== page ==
During late May 2023, the U.S. Bureau of Safety and Environmental Enforcement (BSEE) announced the successful completion of two Gulf of Mexico equipment deployment drills to evaluate the oil and gas industry’s preparedness to respond to a subsea blowout. Each of the drills lasted between three and five days and were mobilized by Beacon Offshore Energy (BOE) and Chevron, along with their mutual aid partners to deploy, and install equipment to cap a blowout in deep water off the coast of Louisiana.
- BSEE initiated BOE’s drill on Sunday, May 7, at 7 a.m., and concluded it Wednesday, May 10, at 10:40 p.m.
- Chevron’s drill was initiated on Friday, May 19, at 7 a.m., and concluded Tuesday, May 23 at 8:45 p.m.
During the two unannounced drills, BSEE required BOE and Chevron each to deploy a capping stack from their respective storage locations near Houston and Corpus Christi, Texas, to separate areas in the Gulf of Mexico, ranging from approximately 70 to 140 miles from shore. Once on-site, each operator lowered a capping stack onto a simulated well head on the ocean floor in about 6,000 feet of water, connected the capping stack to the wellhead, and pressurized the system to 12,500 pounds per square inch to simulate well pressure.
“We are committed to ensuring the offshore oil and gas industry maintains the highest level of preparedness,” said BSEE Director Kevin M. Sligh Sr. “The initial results from these drills were successful, and we will evaluate lessons learned as we continually work to enhance safety in offshore operations.”
BSEE conducts regular, thorough inspections of source control equipment and observes required pressure tests annually. Unannounced deployment drills, such as the ones conducted this month, provide assurances that the equipment will perform as required while providing important training opportunities for offshore personnel.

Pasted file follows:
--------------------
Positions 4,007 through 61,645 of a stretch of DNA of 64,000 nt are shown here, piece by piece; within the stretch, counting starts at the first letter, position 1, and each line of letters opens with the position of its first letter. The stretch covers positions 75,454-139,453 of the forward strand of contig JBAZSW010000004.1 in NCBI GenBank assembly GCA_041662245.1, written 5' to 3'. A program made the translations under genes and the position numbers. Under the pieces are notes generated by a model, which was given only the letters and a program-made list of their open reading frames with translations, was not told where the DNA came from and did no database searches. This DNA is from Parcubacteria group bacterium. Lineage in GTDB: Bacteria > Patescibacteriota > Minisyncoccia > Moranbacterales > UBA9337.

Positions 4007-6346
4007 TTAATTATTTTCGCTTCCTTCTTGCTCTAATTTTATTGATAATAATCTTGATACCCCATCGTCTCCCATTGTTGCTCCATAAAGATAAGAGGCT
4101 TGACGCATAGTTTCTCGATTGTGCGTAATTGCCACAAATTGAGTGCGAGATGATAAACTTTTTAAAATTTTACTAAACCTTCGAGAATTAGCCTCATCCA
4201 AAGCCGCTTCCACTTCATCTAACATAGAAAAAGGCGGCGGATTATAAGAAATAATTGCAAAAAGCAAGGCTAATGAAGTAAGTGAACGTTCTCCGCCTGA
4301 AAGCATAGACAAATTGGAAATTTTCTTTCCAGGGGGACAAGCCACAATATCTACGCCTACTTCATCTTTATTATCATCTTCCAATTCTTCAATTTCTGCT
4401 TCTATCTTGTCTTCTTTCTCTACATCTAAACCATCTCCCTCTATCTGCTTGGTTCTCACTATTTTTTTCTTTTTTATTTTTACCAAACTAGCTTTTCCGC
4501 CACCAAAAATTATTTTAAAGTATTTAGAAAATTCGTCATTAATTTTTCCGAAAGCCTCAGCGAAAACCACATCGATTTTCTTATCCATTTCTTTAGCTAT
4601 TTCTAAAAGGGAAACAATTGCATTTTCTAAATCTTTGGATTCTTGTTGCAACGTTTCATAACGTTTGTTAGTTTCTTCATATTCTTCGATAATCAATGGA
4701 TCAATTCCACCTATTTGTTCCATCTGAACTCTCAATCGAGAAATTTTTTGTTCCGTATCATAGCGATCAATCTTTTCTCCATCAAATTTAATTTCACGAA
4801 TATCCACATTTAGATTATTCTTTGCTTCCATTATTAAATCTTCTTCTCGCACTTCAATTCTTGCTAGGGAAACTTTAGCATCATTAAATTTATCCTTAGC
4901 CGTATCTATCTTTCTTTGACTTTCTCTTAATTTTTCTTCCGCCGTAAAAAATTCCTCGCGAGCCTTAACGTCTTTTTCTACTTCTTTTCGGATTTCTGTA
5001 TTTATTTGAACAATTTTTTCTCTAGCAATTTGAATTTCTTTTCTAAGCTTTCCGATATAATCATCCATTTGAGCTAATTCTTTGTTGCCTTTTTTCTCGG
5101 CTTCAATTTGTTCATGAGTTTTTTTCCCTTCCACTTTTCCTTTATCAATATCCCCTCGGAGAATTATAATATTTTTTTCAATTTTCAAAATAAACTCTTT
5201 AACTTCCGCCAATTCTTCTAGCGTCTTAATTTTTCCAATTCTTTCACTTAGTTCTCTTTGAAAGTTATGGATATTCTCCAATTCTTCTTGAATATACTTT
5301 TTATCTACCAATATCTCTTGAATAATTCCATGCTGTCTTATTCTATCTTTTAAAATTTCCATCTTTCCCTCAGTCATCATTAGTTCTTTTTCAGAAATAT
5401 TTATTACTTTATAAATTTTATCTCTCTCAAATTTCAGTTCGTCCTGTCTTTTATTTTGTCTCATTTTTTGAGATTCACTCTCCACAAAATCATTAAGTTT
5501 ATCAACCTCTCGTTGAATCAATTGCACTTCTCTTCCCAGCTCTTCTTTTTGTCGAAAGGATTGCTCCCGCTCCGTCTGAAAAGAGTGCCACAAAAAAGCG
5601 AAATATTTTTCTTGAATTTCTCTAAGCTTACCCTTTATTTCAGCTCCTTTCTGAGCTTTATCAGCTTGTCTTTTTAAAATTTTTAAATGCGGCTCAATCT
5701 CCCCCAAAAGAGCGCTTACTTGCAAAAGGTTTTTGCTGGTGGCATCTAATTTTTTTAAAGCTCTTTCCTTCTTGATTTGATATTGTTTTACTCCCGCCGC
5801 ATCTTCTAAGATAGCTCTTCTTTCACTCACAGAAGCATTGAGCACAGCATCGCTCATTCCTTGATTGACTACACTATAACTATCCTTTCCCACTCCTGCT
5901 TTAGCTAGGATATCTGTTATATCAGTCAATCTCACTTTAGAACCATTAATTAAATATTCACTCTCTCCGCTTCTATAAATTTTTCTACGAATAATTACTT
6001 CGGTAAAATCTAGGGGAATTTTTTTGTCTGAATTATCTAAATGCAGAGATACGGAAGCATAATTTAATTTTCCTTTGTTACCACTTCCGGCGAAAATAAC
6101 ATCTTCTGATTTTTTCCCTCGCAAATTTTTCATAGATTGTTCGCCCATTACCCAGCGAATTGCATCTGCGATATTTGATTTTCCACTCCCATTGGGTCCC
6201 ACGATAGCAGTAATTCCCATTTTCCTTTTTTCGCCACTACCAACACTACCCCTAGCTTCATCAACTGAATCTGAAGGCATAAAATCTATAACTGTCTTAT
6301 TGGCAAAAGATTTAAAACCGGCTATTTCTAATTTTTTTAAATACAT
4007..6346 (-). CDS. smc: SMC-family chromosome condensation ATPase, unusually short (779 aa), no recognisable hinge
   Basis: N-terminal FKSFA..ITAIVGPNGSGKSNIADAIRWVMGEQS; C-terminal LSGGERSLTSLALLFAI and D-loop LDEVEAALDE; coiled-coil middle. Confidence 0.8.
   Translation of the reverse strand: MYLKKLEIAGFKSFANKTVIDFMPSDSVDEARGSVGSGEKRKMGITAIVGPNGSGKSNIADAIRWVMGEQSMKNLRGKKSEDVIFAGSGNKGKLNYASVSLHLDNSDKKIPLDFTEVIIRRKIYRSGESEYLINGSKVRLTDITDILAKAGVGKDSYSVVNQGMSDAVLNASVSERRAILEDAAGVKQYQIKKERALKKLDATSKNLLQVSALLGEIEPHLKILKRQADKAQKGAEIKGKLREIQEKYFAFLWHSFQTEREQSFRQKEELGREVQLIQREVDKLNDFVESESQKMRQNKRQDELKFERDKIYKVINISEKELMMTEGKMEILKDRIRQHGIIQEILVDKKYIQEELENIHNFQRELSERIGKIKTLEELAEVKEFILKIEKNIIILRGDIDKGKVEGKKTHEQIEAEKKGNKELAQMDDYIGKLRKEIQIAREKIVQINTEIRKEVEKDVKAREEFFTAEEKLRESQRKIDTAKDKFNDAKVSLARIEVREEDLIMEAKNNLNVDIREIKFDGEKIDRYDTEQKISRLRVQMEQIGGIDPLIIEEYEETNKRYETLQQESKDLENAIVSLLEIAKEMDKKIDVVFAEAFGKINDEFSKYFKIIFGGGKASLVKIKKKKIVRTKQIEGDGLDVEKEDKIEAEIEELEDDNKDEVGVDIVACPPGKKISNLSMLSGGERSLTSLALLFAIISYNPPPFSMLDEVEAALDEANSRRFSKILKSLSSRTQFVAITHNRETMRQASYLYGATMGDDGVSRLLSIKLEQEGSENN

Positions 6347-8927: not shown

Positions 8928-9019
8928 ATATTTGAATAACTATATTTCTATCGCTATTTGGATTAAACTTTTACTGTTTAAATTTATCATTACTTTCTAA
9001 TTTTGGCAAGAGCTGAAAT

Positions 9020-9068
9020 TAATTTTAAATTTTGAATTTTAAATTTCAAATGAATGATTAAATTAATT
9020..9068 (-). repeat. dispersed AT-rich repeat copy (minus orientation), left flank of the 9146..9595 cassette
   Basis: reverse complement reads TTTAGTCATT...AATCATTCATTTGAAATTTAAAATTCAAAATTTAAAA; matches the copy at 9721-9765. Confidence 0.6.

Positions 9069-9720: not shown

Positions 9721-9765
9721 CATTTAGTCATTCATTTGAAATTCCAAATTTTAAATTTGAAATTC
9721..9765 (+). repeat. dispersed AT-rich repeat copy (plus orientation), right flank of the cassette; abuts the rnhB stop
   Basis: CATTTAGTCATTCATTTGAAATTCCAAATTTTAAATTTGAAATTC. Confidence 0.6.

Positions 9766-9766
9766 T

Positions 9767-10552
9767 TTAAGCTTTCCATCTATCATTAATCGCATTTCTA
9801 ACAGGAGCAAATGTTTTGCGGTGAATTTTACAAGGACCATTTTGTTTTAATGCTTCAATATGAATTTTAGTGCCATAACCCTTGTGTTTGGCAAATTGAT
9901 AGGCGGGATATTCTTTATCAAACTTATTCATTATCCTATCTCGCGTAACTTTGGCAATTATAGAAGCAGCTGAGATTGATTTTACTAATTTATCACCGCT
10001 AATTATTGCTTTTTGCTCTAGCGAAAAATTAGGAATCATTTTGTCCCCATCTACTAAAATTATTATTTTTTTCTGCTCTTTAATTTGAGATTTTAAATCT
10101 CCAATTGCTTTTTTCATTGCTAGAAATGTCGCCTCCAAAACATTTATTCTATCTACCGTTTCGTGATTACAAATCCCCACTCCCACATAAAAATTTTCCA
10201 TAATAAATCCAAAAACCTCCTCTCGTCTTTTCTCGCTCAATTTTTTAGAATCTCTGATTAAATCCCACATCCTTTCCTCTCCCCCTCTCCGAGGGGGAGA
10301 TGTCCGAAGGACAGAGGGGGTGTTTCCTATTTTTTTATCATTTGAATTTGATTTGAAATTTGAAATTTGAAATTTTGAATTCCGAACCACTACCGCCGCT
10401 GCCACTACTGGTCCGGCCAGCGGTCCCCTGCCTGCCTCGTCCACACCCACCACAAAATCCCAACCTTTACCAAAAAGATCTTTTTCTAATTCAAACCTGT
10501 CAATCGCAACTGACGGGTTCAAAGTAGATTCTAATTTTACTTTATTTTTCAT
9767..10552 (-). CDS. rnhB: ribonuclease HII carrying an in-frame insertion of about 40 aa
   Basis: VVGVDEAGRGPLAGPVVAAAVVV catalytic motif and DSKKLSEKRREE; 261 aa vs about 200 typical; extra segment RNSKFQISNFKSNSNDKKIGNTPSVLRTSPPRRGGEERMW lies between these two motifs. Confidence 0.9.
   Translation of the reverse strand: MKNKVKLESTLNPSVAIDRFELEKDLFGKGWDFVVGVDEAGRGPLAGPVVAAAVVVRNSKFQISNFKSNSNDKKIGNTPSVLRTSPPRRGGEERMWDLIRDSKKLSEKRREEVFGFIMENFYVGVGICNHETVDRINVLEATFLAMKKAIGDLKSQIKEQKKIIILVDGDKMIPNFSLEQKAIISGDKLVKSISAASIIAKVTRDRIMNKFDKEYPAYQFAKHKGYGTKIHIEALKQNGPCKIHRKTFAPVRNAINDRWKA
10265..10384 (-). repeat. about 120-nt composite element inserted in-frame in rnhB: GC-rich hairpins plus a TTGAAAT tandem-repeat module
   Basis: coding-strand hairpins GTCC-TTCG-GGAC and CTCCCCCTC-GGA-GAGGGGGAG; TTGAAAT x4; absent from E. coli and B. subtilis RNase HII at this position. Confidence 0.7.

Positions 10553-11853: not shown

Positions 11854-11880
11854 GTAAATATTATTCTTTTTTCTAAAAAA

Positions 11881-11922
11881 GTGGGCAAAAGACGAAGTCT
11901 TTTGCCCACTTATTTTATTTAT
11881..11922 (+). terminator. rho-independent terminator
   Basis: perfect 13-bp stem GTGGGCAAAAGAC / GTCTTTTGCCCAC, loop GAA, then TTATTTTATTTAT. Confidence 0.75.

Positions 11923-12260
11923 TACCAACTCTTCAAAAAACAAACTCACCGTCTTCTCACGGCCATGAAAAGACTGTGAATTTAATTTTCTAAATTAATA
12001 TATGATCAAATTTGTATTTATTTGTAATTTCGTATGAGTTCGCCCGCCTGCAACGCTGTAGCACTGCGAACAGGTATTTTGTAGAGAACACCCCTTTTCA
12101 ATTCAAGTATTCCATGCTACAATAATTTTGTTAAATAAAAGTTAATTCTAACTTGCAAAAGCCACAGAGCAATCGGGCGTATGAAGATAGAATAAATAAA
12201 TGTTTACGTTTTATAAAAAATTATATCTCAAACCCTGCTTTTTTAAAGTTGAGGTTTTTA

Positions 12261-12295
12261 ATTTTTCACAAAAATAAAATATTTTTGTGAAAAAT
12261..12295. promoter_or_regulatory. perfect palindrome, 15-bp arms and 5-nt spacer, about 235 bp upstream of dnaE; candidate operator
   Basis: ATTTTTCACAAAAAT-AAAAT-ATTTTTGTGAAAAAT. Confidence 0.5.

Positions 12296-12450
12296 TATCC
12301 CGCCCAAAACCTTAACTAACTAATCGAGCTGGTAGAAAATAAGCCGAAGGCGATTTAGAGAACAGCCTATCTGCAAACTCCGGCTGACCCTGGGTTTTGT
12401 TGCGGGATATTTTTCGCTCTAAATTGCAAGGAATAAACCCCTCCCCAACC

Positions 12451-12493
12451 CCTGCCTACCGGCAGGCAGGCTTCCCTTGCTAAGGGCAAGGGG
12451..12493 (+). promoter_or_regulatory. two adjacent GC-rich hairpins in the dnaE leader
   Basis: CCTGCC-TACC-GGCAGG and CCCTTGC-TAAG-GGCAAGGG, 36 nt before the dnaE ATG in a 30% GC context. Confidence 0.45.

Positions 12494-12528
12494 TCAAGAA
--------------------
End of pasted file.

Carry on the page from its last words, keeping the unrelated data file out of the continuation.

A capping stack is a critical piece of source control equipment designed to shut off any oil flow from a well if other systems fail, such as the blowout preventer. Since the initial drill in 2012, experienced personnel in both industry and government sectors have turned over. Also, the consortiums that provided contract access to the well containment systems have expanded their equipment inventories and updated internal procedures. As a result, in December 2022, Sligh directed the bureau to initiate two drills in 2023 to verify the industry’s readiness to deploy these assets quickly.
“The time was right to initiate these drills,” said Sligh. “We have provided a new generation of responders with the valuable experience and training to ensure they are prepared and ready, if needed.”
BSEE engineers, inspectors, and preparedness analysts were onsite throughout the two separate multi-day drills, monitoring industry inspections and tests before the capping stacks journeyed offshore. While aboard the transit vessels, they evaluated the procedures firsthand as operators lowered the capping stacks to the seabed.